Ruston, Lousiana, Housing Authority agrees to pay $175,000 and stop filling vacancies based on race to settle Justice Department lawsuit

May 11, 2015
The Justice Department announced today that the Housing Authority of the city of Ruston, Louisiana, has agreed to pay $175,000 and adopt comprehensive new policies to settle a race discrimination lawsuit filed by the department. The settlement must still be approved by U.S. District Court Judge Robert G. James of the Western District of Louisiana.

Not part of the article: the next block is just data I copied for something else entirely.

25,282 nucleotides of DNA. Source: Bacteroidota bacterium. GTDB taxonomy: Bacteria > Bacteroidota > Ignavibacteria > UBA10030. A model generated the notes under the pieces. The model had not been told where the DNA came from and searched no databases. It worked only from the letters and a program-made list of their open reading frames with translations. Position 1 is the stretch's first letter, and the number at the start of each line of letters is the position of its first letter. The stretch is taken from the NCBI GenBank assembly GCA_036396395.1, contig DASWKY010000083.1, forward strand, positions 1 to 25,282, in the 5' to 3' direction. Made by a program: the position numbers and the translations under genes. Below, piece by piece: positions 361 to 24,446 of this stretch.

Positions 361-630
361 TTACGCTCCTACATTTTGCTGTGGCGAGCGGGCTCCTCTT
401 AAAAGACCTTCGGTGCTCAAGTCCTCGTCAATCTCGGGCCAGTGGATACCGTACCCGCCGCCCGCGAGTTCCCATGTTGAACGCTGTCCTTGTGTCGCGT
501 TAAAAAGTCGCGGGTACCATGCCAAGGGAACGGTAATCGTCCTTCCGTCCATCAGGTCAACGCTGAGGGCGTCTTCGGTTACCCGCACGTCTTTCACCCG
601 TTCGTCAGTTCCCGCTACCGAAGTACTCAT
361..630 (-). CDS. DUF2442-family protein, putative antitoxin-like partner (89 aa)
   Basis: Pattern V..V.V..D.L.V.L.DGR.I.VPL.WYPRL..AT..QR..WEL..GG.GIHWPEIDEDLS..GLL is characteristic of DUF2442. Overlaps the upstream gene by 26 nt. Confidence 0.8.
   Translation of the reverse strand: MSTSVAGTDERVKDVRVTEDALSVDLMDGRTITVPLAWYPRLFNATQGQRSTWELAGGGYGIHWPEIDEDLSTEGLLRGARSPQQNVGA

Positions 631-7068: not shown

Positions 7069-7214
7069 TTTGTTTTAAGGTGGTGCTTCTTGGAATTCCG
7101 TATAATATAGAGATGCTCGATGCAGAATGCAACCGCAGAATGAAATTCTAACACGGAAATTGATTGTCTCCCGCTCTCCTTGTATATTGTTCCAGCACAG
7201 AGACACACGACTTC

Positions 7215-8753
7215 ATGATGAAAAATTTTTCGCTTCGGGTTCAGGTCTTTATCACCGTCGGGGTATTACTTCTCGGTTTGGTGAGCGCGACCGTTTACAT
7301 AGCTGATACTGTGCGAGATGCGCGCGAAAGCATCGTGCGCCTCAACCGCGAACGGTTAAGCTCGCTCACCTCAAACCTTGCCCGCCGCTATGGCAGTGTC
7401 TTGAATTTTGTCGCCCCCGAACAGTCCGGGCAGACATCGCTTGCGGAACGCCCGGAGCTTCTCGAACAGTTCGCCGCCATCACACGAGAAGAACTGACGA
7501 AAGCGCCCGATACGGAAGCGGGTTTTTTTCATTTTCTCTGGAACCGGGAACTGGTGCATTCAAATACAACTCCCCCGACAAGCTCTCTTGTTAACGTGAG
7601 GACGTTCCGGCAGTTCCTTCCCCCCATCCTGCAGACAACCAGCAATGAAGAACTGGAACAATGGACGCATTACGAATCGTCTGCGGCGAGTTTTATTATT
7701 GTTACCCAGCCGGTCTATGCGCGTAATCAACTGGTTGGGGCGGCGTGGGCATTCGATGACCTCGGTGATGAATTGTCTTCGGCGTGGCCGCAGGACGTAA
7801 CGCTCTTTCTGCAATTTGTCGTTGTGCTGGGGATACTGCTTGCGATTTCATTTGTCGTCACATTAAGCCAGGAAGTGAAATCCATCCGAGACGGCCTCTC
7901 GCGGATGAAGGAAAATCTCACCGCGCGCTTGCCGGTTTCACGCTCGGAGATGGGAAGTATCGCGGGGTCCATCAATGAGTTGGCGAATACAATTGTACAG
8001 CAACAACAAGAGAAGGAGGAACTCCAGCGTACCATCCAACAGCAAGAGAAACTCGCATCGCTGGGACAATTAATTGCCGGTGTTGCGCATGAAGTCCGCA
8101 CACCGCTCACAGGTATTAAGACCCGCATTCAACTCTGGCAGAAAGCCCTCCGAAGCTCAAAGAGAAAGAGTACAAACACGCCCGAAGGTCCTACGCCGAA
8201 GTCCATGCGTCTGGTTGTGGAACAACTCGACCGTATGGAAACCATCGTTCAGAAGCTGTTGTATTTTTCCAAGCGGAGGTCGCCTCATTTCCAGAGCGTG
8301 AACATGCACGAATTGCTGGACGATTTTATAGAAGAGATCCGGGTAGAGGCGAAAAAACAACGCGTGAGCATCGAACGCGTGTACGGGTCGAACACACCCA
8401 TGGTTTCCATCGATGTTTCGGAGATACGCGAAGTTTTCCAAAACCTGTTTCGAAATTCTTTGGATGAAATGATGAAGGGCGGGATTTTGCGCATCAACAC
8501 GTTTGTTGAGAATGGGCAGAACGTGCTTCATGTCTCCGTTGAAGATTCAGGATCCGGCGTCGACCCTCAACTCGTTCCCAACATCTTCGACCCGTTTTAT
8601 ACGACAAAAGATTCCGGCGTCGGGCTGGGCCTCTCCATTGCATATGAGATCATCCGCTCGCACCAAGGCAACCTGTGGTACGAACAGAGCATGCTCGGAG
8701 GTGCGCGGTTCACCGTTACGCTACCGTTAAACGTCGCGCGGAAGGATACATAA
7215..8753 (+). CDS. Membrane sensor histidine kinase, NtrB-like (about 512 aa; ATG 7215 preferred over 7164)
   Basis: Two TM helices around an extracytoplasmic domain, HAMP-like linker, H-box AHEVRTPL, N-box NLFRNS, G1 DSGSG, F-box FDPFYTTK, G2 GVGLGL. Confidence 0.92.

The department’s lawsuit, filed in September 2013, alleged that the Ruston Housing Authority (RHA) had long segregated the 300 apartments in its five public housing developments by assigning vacancies to applicants based on their race, rather than on their place on the waiting list. Specifically, the department alleged that the RHA disproportionately assigned white applicants to its two developments that were located in the predominantly white neighborhoods of Ruston—Louise Homes and Maryland Plaza Homes. At the same time, the department alleged, RHA primarily assigned African-American applicants to the complexes located in predominantly African-American neighborhoods—Eastwood Homes, Greenwood Homes and Truman Homes. When it originally began developing housing in the 1950’s and early 1960’s, the RHA explicitly reserved Louise Homes and Maryland Plaza for “white” persons, while reserving Greenwood and Truman for what it termed “colored” persons.